Journey’s End

The solar-powered airplane Solar Impulse completes its historic cross-country flight

Jul 10, 2013 | By Cameron Keady
FRED MERZ/SOLAR IMPULSE

Co-pilots Bertrand Piccard and André Borschberg at John F. Kennedy International Airport on July 6, following the completion of their flight.

Swiss pilots Bertrand Piccard and André Borschberg may have landed their unique airplane, but they’re still flying high. On Friday, July 6, the two aviators made history when they completed a cross-country journey in an aircraft powered only by solar energy. The plane, called Solar Impulse, flew across the United States without using a single drop of fuel. The trip was a major feat for aviation and the development of renewable energy.

“What was a year ago an idea became in the last eight weeks a reality,” said Borschberg in a press conference after the flight was completed. “Now it’s already history.”

Solar Impulse's wingspan extends 208 feet. The wings are covered with more than 11,000 solar cells.
FRED MERZ/SOLAR IMPULSE
Solar Impulse's wingspan extends 208 feet. The wings are covered with more than 11,000 solar cells.

Sky-High Success

With the wingspan of a jumbo jet and weight of a small car, Solar Impulse achieved its first milestone in 2010, when it completed the first ever solar-powered night flight above Switzerland. In 2011, it continued its success with the first international journey by a solar-powered aircraft, flying from Switzerland to Belgium to France. An intercontinental flight from Europe to Africa last year set a world record in distance for solar aviation, measuring 693 miles. 

After these accomplishments, Borschberg and Piccard wanted to continue their adventure in the air. “If we could fly in Europe, why couldn’t we make the history continue and fly in the country where aviation was born?” said Piccard.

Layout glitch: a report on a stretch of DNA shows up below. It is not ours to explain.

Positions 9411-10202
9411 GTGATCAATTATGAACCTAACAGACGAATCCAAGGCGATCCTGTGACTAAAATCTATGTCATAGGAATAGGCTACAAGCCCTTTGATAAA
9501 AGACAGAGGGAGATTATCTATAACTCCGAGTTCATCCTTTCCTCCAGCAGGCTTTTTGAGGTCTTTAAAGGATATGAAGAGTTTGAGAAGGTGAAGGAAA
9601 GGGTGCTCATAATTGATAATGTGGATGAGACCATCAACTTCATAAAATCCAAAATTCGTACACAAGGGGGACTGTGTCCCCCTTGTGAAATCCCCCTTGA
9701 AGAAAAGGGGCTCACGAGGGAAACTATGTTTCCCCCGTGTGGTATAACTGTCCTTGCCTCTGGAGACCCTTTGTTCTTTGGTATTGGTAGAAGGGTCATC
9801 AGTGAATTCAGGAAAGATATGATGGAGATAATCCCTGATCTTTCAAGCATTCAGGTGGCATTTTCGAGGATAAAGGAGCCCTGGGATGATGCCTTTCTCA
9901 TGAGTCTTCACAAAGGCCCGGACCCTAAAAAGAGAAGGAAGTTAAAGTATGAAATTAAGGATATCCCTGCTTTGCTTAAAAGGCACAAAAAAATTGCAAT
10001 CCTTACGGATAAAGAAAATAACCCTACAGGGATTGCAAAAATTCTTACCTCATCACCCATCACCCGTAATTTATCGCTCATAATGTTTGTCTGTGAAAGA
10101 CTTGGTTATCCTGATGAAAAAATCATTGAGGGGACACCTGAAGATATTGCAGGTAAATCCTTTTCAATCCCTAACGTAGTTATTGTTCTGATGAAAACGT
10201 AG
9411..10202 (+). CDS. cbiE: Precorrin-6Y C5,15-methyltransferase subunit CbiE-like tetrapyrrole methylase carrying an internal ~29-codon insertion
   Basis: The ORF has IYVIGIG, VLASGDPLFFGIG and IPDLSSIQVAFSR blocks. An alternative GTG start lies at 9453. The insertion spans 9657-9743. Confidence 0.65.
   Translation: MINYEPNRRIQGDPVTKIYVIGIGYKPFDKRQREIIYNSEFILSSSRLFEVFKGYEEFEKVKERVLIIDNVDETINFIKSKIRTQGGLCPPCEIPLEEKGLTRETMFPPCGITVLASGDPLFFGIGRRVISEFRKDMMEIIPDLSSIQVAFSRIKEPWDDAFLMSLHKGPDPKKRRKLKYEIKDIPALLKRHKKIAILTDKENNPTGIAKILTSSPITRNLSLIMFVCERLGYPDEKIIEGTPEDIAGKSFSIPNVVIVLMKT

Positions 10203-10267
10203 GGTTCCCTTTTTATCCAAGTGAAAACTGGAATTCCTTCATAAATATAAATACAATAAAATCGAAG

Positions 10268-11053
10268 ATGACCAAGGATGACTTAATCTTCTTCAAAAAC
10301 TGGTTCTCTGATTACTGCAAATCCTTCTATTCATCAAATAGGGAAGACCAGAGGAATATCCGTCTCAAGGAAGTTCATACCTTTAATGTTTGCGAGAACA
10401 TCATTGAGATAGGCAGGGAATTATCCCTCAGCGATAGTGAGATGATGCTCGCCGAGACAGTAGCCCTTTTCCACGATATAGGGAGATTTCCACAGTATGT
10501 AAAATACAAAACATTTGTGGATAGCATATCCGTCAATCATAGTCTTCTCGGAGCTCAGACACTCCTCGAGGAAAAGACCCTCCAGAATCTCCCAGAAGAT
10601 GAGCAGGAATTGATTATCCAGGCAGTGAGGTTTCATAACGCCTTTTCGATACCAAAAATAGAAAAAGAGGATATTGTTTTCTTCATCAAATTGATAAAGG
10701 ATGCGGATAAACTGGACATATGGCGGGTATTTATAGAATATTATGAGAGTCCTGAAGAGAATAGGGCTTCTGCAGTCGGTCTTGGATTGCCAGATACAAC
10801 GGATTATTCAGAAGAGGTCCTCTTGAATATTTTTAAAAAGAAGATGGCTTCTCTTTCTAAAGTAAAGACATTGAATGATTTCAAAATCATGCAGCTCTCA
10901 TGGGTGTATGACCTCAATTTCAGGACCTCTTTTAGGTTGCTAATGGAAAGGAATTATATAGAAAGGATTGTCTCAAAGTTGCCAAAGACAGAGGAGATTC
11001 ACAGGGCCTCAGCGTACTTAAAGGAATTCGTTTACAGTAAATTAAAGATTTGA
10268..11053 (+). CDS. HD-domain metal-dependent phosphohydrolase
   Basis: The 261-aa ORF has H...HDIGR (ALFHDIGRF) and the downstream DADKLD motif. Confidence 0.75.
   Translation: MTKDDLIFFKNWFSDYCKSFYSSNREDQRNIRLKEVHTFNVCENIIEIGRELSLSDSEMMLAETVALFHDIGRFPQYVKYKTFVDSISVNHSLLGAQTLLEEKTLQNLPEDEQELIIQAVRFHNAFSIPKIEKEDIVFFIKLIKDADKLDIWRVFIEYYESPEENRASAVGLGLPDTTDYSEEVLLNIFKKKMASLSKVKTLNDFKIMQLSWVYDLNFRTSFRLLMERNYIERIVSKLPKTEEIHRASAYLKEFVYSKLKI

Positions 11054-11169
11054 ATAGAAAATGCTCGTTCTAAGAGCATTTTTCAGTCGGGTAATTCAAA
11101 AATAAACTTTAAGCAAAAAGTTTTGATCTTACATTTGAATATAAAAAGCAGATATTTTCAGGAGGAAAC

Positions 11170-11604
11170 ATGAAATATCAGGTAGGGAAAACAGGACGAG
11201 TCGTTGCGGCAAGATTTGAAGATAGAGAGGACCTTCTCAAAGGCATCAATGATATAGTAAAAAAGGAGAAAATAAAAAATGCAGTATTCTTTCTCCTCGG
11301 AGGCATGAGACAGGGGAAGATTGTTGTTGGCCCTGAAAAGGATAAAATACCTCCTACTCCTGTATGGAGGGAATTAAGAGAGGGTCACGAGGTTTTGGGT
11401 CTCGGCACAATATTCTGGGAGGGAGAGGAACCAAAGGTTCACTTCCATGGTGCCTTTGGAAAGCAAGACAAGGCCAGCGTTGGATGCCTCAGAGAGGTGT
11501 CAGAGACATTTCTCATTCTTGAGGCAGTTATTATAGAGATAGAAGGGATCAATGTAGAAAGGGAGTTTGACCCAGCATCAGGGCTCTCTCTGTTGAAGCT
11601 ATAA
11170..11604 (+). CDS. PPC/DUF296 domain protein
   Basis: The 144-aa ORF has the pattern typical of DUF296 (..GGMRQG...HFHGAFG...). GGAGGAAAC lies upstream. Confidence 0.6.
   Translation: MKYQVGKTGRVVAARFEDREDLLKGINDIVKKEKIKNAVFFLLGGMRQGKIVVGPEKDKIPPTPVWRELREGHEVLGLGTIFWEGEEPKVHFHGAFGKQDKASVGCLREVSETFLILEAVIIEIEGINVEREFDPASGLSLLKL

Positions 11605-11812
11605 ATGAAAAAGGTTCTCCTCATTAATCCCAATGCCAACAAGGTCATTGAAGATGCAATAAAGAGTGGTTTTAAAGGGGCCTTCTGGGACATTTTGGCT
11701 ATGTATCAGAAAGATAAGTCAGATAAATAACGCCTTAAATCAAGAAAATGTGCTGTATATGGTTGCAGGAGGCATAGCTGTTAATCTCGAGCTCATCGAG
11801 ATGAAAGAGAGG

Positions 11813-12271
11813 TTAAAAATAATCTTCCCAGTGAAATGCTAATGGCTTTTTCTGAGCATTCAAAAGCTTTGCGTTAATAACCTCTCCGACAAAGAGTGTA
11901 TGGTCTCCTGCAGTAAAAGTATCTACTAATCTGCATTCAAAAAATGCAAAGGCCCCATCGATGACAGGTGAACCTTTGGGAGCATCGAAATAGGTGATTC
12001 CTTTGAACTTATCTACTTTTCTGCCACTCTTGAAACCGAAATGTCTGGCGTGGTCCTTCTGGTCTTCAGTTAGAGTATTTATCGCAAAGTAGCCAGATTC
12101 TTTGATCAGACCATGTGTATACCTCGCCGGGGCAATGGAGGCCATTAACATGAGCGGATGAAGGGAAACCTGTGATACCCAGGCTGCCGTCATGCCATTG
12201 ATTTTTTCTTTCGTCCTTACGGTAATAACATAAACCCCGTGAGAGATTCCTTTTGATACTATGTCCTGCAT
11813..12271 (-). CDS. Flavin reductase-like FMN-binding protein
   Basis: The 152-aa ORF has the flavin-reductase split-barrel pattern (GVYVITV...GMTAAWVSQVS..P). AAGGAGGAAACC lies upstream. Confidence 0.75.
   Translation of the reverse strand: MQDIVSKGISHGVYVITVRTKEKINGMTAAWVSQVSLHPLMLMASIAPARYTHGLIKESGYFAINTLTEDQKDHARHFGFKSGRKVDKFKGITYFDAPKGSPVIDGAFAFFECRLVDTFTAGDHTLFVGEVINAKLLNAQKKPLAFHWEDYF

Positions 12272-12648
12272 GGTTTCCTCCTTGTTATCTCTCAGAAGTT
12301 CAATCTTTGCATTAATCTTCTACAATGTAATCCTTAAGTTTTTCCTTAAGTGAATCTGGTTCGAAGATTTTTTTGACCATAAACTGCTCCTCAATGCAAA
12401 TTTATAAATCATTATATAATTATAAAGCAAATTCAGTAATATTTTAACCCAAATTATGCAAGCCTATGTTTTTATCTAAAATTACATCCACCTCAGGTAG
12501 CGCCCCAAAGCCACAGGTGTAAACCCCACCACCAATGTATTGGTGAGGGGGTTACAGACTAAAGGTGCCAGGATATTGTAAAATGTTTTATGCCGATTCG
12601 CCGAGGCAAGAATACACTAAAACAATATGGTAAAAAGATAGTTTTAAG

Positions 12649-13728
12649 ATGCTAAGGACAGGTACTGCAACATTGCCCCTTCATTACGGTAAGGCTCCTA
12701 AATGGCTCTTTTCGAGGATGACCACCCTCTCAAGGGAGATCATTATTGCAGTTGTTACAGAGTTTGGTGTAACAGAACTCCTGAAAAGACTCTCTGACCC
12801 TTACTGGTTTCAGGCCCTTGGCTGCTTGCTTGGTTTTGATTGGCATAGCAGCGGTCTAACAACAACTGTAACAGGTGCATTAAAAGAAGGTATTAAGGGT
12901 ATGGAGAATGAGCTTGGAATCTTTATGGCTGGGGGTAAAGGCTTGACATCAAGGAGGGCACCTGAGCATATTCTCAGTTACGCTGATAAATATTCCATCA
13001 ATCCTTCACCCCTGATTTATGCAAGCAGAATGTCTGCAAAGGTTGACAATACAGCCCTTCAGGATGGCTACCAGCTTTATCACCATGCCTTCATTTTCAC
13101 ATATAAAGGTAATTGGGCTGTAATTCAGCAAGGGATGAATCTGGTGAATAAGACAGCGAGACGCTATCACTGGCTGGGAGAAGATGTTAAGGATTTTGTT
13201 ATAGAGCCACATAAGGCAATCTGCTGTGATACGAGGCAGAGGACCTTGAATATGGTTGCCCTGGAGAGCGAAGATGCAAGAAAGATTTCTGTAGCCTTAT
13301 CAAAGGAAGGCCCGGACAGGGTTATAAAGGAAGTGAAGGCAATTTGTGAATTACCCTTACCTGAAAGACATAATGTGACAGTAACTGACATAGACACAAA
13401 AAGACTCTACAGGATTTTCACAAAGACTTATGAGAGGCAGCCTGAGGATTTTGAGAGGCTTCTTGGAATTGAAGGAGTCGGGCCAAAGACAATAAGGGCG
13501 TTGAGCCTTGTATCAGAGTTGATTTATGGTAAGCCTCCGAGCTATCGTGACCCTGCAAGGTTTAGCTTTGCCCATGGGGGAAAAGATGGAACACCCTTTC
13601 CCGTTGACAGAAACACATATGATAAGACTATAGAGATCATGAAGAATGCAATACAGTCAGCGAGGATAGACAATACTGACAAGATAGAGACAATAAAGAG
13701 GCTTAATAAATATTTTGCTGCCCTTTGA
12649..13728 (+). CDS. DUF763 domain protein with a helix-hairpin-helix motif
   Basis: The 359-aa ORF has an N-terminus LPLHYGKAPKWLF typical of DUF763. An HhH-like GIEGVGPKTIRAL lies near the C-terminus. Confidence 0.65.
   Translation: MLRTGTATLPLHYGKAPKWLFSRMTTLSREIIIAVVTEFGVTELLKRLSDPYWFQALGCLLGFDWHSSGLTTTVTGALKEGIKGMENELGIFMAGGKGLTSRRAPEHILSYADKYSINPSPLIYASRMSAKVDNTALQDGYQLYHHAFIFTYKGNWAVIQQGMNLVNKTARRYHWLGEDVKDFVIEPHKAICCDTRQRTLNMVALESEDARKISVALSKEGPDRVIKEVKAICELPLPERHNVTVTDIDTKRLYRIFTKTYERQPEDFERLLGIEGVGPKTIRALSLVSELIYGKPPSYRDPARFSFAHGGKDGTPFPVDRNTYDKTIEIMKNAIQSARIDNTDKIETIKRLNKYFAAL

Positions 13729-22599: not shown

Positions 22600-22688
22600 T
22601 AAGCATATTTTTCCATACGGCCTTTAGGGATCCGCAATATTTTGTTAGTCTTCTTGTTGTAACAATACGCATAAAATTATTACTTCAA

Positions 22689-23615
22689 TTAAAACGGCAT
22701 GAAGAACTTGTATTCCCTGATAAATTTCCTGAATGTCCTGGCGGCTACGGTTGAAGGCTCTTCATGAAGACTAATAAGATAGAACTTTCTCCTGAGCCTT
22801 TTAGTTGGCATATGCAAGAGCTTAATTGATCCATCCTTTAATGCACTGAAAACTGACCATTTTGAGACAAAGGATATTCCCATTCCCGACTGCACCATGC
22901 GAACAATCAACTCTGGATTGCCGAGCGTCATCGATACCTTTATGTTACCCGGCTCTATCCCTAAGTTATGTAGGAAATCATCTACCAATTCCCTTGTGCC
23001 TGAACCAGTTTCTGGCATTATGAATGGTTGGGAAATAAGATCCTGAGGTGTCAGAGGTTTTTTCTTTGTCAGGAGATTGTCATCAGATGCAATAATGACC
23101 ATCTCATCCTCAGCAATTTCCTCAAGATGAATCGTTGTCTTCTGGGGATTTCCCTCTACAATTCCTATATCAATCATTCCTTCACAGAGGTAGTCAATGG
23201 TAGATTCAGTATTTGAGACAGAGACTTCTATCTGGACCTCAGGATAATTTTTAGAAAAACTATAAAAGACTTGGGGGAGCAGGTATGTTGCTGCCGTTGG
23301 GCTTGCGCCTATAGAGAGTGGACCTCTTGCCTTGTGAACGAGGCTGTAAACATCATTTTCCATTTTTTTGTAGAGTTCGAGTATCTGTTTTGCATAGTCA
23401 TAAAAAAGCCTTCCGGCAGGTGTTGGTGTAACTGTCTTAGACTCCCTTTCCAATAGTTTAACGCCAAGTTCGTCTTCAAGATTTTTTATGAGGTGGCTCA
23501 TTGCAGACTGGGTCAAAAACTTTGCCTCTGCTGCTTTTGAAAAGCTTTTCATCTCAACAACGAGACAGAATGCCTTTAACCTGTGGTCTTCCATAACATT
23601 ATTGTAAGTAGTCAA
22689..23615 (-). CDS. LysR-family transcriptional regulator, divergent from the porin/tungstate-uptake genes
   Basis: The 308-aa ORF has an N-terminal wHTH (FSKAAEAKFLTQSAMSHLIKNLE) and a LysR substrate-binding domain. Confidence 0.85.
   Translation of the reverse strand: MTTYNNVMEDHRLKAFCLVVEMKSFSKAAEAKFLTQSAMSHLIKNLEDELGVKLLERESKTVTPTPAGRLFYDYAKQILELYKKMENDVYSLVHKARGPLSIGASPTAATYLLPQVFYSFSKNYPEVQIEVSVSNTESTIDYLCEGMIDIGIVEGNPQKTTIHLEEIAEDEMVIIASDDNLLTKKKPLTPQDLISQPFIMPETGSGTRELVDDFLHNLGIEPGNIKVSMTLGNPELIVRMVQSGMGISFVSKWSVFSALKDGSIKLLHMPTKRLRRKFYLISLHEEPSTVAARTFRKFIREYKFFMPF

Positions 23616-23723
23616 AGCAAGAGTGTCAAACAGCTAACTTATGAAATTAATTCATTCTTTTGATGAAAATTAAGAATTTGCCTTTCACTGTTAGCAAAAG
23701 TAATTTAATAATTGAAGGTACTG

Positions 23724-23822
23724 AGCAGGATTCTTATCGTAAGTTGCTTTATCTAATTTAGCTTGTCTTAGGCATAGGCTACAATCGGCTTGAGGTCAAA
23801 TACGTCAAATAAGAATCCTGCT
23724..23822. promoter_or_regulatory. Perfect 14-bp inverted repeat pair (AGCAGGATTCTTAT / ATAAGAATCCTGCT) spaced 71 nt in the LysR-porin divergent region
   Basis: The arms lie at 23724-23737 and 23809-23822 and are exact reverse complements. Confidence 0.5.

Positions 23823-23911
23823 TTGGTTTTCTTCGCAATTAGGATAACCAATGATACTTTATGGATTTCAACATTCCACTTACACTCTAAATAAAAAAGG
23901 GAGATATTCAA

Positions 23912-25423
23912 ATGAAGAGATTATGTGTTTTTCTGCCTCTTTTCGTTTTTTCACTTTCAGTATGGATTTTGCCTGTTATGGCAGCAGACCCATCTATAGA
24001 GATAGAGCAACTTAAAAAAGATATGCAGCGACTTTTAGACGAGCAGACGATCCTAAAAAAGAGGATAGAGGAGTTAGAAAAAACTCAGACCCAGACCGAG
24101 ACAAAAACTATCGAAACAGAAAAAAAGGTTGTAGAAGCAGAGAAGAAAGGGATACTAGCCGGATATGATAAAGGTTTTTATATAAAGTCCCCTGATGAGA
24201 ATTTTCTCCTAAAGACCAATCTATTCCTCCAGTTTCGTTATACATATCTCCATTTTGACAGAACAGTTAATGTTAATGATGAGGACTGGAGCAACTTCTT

Far From Home

The ambitious journey across the U.S. began on May 3, 2013, in San Francisco, CA. Piccard and Borschberg took turns flying Solar Impulse, making stops in Phoenix, AZ, Dallas-Fort Woth, TX, St. Louis, MO, Cincinnati, OH, and Washington D.C., before landing at 11:09 PM on July 6 at John F. Kennedy International Airport in New York. The 3,511-mile trip lasted a total of 105 hours and 41 minutes. Though the plane landed safely in New York, it wasn’t always a smooth ride.

Solar Impulse encountered tornadoes while flying over the central U.S. In St. Louis, the roof of a hangar, the large building used to house the aircraft during its resting period, blew off, forcing the team to use an inflatable hangar. Additionally, the pilots had hoped to fly past the Statue of Liberty to mark the end of their journey, but a small tear in the fabric of one of its wings forced Solar Impulse to land early.

Solar Impulse makes its final descent into New York City.
FRED MERZ/SOLAR IMPULSE
Solar Impulse makes its final descent into New York City.

“During this journey, we had to find solutions for a lot of unforeseen situations, which obliged us to develop new skills and strategies,” said Piccard. “In doing so, we also pushed the boundaries of clean technologies and renewable energies.”

Adventure and the Environment

The spirit behind Solar Impulse is not just about the future of aviation, but the future of the planet. One reason why the plane was built was to promote clean energy and technology. Using 11,628 solar cells across its wings, the plane collected sunlight during the day to fly itself through the night. This eliminated the need for fossil fuels that pollute the air and hurt the environment.

Borschberg and Piccard hope to continue to advance these innovations and clean technologies and complete a flight around the world in 2015. The pilots say they are optimistic that this dream is achievable.

“The pioneering spirit is when we accept the question marks and the doubts, and challenge the unknown,” said Piccard. “These questions and challenges are what stimulate human creativity.”